The reality is that the conscious separation of sex from reproduction is as characteristic of premodern societies as of our own. As soon as there are written records, some 5,000 years ago in the Near East, we find references to many of the sexual practices - homosexuality, male and female transexualism and transvestism, masturbation - familiar to us today.
Moreover, the knowledge of contraception necessary for heterosexual activity to become recreational is deep-rooted. For instance silphium, a type of giant fennel, had become extinct by the late Roman period because of high demand in the Roman world for effective family planning. Its active ingredient was probably ferujol which, in clinical trials with rats, acts as an early-term abortifacient (like the morning-after pill). Ferujol is found in other species today, but it is just one of a vast range of powerful naturally-occurring contraceptive or abortifacient drugs employed in traditional societies worldwide today and extensively used in Europe until the 16th century.
Furthermore, the 40,000-year-old remains of borage processing from Doura Cave, Syria, suggests that the medicinal qualities of plants were valued by early hunter-gatherers (although in this case not for contraception: borage contains substances that alleviate Alzheimer's and premenstrual syndrome, and are aphrodisiac), while the practice of plant-based self-medication among wild primates suggests that such knowledge may go back millions of years.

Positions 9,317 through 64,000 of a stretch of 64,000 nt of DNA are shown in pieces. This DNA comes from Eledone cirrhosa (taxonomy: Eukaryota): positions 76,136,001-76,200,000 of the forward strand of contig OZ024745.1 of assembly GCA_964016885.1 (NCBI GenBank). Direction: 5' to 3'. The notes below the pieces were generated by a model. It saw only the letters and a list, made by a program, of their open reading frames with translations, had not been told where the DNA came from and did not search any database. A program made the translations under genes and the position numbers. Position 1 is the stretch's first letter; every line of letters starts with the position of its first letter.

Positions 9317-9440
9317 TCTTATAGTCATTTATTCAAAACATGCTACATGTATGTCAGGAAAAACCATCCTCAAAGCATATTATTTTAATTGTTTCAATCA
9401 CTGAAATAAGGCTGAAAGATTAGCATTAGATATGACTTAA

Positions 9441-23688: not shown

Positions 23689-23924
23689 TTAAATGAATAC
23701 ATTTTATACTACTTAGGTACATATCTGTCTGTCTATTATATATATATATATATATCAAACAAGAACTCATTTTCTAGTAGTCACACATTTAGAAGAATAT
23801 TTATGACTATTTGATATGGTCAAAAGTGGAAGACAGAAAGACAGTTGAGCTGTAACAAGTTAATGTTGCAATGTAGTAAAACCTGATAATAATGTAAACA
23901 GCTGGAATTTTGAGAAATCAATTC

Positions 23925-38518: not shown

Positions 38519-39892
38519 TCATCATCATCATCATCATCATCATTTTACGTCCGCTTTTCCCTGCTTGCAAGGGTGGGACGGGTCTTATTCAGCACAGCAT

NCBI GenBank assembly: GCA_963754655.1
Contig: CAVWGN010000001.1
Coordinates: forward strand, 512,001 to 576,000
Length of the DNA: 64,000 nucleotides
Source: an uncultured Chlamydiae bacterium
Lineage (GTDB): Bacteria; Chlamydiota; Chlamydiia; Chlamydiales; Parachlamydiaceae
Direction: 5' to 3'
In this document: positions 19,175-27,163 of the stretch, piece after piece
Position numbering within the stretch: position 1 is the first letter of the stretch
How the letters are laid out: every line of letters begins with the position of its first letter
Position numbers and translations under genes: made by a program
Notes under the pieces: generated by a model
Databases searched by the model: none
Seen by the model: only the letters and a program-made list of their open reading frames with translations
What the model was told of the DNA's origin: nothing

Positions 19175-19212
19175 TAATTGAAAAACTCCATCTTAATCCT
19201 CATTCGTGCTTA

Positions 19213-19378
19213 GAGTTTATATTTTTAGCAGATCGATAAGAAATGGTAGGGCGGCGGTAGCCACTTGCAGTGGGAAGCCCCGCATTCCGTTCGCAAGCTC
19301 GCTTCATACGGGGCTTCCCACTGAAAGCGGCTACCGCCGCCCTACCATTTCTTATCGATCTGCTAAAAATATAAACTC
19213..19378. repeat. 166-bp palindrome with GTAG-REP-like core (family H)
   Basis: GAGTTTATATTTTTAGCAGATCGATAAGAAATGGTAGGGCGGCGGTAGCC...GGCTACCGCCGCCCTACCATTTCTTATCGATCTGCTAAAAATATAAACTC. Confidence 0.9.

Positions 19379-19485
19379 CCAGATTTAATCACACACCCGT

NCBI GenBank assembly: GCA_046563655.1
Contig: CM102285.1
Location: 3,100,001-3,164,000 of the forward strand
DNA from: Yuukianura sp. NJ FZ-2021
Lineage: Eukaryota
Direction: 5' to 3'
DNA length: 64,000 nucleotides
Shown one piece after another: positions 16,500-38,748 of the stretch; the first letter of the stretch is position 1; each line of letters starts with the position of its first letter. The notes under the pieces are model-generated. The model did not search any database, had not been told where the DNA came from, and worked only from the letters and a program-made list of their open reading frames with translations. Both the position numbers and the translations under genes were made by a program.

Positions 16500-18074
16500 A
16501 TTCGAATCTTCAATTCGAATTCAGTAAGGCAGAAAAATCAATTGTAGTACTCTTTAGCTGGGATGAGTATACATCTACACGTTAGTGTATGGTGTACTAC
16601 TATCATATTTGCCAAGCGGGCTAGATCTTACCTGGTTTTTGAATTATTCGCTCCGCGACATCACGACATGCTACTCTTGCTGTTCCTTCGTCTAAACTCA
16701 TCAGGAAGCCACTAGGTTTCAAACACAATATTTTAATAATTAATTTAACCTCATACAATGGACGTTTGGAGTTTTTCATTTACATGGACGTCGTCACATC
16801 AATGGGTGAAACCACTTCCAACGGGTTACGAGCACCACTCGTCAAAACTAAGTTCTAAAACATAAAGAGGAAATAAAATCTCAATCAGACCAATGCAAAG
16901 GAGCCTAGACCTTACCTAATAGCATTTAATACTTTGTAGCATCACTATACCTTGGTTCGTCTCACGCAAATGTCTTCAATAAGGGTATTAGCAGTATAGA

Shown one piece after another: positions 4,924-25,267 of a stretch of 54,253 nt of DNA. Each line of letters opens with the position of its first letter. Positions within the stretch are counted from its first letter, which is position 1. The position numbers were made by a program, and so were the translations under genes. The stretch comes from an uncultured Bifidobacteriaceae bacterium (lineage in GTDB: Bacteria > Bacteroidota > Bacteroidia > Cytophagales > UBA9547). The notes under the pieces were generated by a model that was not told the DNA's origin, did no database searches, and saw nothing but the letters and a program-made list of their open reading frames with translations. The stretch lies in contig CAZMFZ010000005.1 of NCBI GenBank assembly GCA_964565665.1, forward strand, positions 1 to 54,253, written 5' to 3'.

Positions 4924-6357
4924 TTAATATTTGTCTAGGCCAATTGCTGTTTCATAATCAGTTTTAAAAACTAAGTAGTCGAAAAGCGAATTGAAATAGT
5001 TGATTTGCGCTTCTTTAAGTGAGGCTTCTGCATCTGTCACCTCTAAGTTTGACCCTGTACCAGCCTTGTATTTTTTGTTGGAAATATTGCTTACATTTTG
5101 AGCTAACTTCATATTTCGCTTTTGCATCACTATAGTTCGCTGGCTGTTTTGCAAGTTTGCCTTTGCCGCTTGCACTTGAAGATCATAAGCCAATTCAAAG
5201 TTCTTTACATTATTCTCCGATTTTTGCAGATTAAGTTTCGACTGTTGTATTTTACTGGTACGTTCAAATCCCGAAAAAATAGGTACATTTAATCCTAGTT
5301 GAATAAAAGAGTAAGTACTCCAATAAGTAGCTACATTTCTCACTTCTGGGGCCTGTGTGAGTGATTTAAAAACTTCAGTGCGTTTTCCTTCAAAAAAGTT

The earliest substantial body of surviving material relating to human sexual culture is the art of the Eurasian Upper Palaeolithic, including paintings of half-bestial males with erections, rock-cut vulvas, carved phallic batons, and nude female `Venus' figurines.
Many of the most obvious aspects of the Ice Age material have passed without mention. The human images, dating at the earliest to just before 30,000BP, provide the earliest unequivocal evidence of human nakedness (although the loss of body hair almost certainly emerged far earlier). The art neither correlates with the evolutionary emergence of modern humans (which took place 100,000 years earlier), nor is it the earliest art. What is truly significant about Upper Palaeolithic art is not that it is art, but that it has survived en masse. It is the wide distribution, large numbers, and durability of the Venus figurines that requires explanation.